15th November 2023
Following years of engagement, we raised serious concerns that recent changes to the EU’s new eIDAS regulation will radically expand the capability of EU governments to surveil their citizens. We were joined in these concerns by over 500 cybersecurity experts, researchers and NGOs, as well as other members of industry and the wider security community. Although similarly dangerous legislation like the CSAM Regulation is facing strong opposition from the beginning, the changes to eIDAS have been made as it enters its final stages and from behind closed doors.
Last week, representatives of the European Parliament, Council and Commission announced they had signed off on the eIDAS Regulation and that a vote in Parliament’s ITRE committee will be held on November 28th. We understand that although no changes have been made to Article 45, there were last-minute changes to the accompanying Recital 32. However, the EU has still not published the agreed legal text. There are now less than 13 days until the vote and the cyber security community, civil society and the public are still unable to read the proposed regulation, let alone scrutinize its impacts.
In a media Q&A given by the European Commission on Thursday (9th November), the Commission characterized the risks raised in the open letter from cyber security experts and civil society as a ‘misunderstanding’. The Commission went on to state that the open letter had been discussed with their experts, who concluded ‘there is no risk of government spying, nor breaching the confidentiality of internet connections’.
We remain deeply concerned by the risks of Article 45 and the motives behind it. The provision has been championed by European Signature Dialog, an industry group whose members have a vested financial interest in selling QWACs. ESD held multiple meetings with the Commission during the closed-door Trialogue process and issued a statement last week claiming that browsers would be required to trust these certificates and would need to get ETSI’s permission to apply security checks like Certificate Transparency . These statements directly contradict the image that was portrayed in the media Q&A session on 9 November and highlight how the law could be used to radically harm web security.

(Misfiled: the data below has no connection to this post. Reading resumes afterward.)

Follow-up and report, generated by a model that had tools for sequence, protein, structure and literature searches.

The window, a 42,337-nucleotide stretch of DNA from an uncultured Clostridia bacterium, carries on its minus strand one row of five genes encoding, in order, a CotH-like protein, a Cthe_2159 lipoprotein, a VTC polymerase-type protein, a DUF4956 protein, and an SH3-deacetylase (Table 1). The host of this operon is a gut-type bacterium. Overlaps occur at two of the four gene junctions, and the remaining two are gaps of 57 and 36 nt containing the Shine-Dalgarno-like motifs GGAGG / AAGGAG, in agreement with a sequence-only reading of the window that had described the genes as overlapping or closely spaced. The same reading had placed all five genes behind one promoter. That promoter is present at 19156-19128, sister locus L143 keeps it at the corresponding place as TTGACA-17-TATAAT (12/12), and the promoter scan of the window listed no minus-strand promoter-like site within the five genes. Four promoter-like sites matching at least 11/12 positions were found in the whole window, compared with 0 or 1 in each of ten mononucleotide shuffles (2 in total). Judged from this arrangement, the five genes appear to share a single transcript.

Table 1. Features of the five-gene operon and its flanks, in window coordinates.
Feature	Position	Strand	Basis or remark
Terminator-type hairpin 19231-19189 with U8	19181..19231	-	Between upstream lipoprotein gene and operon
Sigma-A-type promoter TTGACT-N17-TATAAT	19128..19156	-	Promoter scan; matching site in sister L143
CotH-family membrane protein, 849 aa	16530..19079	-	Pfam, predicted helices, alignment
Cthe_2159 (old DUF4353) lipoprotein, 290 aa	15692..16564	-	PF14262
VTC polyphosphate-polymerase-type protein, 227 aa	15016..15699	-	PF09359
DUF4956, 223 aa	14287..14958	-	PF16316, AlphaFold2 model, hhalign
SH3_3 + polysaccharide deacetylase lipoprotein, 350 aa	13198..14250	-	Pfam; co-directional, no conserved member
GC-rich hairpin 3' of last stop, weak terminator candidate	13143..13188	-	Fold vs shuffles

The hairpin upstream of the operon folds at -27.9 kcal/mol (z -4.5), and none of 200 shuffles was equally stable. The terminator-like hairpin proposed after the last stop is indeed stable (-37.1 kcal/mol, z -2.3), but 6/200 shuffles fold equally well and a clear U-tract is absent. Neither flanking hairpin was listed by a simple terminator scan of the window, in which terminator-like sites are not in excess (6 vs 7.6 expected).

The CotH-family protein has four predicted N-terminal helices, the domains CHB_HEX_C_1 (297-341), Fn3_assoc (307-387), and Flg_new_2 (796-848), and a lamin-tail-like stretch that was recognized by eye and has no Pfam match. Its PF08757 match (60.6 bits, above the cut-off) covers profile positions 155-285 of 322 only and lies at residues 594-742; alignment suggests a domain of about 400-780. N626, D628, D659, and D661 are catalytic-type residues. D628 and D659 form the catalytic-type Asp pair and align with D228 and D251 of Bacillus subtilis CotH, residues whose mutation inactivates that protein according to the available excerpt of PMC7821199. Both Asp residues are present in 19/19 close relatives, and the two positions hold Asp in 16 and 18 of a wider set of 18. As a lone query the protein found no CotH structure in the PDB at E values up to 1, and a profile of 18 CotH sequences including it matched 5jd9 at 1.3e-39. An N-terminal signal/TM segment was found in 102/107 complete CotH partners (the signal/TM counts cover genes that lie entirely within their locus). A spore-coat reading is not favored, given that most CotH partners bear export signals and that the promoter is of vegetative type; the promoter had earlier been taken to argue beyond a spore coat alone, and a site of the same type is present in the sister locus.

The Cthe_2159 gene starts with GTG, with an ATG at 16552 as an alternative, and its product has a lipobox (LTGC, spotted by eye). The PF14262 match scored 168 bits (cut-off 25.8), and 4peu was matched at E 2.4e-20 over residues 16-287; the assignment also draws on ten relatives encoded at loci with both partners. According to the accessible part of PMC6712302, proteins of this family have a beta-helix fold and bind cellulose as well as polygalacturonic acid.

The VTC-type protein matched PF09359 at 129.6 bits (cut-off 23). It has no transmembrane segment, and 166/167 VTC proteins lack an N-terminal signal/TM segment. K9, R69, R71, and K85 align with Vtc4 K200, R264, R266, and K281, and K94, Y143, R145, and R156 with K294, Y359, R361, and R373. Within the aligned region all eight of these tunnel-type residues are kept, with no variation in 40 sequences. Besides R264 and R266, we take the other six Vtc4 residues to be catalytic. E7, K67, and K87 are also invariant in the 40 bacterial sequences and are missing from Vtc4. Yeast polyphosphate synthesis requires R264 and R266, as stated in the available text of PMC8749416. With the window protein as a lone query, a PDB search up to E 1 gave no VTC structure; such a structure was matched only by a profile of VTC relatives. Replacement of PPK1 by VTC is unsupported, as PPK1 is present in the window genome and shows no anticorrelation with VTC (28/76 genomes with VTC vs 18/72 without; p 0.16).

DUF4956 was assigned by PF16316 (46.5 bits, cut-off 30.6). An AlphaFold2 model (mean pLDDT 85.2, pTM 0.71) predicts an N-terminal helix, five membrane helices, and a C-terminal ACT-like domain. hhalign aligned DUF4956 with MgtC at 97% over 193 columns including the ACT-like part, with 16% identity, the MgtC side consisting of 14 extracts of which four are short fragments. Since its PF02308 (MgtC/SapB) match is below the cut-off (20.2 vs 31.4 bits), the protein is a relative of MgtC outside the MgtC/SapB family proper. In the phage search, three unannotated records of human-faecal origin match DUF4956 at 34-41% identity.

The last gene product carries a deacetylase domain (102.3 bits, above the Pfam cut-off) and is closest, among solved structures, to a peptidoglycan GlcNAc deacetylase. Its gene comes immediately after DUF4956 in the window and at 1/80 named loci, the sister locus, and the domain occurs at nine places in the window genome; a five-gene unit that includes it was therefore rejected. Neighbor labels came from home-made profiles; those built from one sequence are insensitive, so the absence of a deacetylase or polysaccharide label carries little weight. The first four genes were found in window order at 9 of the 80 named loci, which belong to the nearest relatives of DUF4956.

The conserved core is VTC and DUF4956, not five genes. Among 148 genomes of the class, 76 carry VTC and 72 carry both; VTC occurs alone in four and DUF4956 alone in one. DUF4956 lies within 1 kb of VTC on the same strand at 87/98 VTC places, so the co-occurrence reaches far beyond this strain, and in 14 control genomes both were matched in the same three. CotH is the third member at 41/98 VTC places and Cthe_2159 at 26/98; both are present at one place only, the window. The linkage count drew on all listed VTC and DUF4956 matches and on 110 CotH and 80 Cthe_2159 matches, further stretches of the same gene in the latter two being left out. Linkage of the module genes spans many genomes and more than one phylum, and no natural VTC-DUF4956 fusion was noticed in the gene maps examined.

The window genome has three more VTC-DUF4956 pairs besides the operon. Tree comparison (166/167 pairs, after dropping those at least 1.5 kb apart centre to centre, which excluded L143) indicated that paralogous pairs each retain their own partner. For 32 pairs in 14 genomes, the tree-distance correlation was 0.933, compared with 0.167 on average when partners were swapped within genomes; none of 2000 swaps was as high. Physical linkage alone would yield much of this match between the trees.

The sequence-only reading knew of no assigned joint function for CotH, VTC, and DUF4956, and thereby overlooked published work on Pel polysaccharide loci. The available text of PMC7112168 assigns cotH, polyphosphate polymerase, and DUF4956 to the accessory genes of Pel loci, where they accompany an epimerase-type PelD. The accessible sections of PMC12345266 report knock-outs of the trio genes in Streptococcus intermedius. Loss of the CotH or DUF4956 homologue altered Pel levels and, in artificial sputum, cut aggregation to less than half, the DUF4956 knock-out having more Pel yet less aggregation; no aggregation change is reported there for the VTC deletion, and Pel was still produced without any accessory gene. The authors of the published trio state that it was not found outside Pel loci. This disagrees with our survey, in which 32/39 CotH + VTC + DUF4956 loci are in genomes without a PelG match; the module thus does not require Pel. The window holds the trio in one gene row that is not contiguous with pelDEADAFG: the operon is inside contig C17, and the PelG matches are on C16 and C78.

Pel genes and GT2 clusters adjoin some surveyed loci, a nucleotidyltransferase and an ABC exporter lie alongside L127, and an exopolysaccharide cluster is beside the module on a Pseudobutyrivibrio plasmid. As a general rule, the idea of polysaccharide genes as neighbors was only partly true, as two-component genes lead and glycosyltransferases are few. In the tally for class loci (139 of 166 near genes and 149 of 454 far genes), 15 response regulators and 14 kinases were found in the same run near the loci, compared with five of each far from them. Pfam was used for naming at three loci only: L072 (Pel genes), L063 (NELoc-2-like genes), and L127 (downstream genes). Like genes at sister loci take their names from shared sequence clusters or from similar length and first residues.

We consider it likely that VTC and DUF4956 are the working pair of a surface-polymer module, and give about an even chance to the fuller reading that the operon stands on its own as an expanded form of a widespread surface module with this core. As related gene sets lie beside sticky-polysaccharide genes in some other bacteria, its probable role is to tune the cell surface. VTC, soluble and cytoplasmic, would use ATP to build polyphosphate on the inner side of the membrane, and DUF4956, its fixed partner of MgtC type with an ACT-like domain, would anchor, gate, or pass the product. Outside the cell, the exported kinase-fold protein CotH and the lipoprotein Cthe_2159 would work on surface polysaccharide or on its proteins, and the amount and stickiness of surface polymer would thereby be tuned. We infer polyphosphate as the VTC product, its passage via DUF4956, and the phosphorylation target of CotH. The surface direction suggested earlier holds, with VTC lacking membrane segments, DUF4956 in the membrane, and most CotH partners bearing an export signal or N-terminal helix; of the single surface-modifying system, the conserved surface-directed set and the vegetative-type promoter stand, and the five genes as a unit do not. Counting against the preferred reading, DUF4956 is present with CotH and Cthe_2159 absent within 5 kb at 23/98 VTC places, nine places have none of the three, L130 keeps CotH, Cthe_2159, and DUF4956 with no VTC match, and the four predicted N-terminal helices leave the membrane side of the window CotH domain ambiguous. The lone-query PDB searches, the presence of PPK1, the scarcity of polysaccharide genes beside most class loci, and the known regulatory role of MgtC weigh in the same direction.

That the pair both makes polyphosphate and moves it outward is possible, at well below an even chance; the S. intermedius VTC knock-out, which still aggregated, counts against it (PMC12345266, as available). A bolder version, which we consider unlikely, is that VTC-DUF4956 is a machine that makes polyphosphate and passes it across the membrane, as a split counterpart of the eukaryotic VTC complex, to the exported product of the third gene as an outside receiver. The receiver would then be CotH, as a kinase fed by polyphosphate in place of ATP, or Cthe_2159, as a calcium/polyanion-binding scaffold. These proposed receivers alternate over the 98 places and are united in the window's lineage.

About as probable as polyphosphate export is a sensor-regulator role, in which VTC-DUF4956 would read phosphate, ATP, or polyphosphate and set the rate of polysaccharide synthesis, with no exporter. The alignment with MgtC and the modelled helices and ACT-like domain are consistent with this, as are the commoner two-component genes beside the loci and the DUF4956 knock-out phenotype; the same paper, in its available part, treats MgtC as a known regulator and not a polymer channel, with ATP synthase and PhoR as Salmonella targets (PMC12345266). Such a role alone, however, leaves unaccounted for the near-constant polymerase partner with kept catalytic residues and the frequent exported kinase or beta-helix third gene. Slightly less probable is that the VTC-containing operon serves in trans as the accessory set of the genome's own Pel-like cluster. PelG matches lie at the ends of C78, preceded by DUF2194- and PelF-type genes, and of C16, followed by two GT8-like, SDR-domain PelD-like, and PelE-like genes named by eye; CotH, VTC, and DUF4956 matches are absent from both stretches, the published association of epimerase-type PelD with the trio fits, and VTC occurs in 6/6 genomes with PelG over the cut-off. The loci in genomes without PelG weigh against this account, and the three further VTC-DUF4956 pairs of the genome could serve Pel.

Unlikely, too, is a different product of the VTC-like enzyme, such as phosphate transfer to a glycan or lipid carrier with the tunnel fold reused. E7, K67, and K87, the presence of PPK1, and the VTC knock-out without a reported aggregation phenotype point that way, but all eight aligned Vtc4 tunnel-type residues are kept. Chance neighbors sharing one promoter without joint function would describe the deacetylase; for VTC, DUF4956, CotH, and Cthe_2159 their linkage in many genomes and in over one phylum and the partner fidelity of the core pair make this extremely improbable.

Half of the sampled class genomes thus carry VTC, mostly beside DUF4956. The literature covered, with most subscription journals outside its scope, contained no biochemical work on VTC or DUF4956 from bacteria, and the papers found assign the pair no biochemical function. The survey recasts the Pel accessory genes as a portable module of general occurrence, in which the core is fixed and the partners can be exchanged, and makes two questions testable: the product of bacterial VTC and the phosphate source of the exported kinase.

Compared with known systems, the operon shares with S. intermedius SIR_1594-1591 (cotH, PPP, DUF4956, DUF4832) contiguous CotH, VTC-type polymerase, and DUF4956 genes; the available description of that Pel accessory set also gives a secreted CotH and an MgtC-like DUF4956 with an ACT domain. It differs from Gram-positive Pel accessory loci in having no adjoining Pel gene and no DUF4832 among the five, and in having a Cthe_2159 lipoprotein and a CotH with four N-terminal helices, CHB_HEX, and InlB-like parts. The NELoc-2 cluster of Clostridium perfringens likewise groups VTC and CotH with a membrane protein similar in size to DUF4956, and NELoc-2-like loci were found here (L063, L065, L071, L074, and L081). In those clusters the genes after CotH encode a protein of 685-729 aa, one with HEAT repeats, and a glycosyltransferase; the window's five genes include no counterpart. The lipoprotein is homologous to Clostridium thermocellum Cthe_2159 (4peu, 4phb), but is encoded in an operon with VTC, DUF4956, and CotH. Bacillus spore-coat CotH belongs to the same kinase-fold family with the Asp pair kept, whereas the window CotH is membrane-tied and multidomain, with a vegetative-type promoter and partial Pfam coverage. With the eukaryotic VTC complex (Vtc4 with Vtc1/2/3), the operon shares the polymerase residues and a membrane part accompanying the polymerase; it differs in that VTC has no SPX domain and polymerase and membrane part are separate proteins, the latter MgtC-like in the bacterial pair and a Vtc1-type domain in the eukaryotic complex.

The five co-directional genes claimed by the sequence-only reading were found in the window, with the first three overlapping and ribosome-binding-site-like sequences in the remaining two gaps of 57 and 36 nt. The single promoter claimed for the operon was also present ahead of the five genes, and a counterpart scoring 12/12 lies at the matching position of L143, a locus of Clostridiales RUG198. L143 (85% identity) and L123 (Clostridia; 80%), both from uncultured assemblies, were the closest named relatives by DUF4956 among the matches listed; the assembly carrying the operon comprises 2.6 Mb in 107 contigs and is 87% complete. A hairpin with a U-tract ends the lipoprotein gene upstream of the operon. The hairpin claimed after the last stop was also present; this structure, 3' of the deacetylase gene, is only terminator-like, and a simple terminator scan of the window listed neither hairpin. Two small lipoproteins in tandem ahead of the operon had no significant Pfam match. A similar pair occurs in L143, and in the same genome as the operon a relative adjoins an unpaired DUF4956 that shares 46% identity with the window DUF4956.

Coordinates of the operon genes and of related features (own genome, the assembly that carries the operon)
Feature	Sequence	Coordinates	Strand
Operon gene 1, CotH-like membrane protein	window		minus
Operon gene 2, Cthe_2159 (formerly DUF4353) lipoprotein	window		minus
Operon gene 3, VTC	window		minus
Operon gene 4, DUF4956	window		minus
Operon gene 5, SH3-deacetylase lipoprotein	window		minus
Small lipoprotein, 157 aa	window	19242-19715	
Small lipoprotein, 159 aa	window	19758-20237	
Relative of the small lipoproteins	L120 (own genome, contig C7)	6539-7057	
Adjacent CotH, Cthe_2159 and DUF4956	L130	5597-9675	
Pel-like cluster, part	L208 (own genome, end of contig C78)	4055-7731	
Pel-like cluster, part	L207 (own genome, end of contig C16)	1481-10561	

The Commission has not disclosed which experts advised that the security and privacy concerns are unfounded, but it is difficult to square this assessment with the verdict of the overwhelming number of cyber security researchers and academics that signed the recent open letter. Particularly in light of the unfolding controversy regarding the consultation process for ChatControl regulation, it is essential that policymakers seek input from a diverse range of views and stakeholders, and are transparent about who is consulted and their motivations.
We call on the European Commission, Council and Parliament to:
Publish the final legal text of the eIDAS regulation as soon as possible.
Ensure that civil society and cyber security experts have adequate time to scrutinize this regulation ahead of any legislative action.
Be transparent about the advice the Commission has received regarding this regulation and who was consulted.
If browsers want to impose additional security requirements on QTSPs, they can bring their additional proposed requirements to ETSI and national Supervisory Bodies and ask them to be imposed on QTSPs. (Page 6)
The QWACs of an QTSP only need to be “recognized” or trusted by browsers on the basis of being listed on the EU Trusted List. (Page 6)
The Browsers can easily bring any additional rules they want to impose on QTSPs such as Certificate Transparency to ETSI. (Page 7)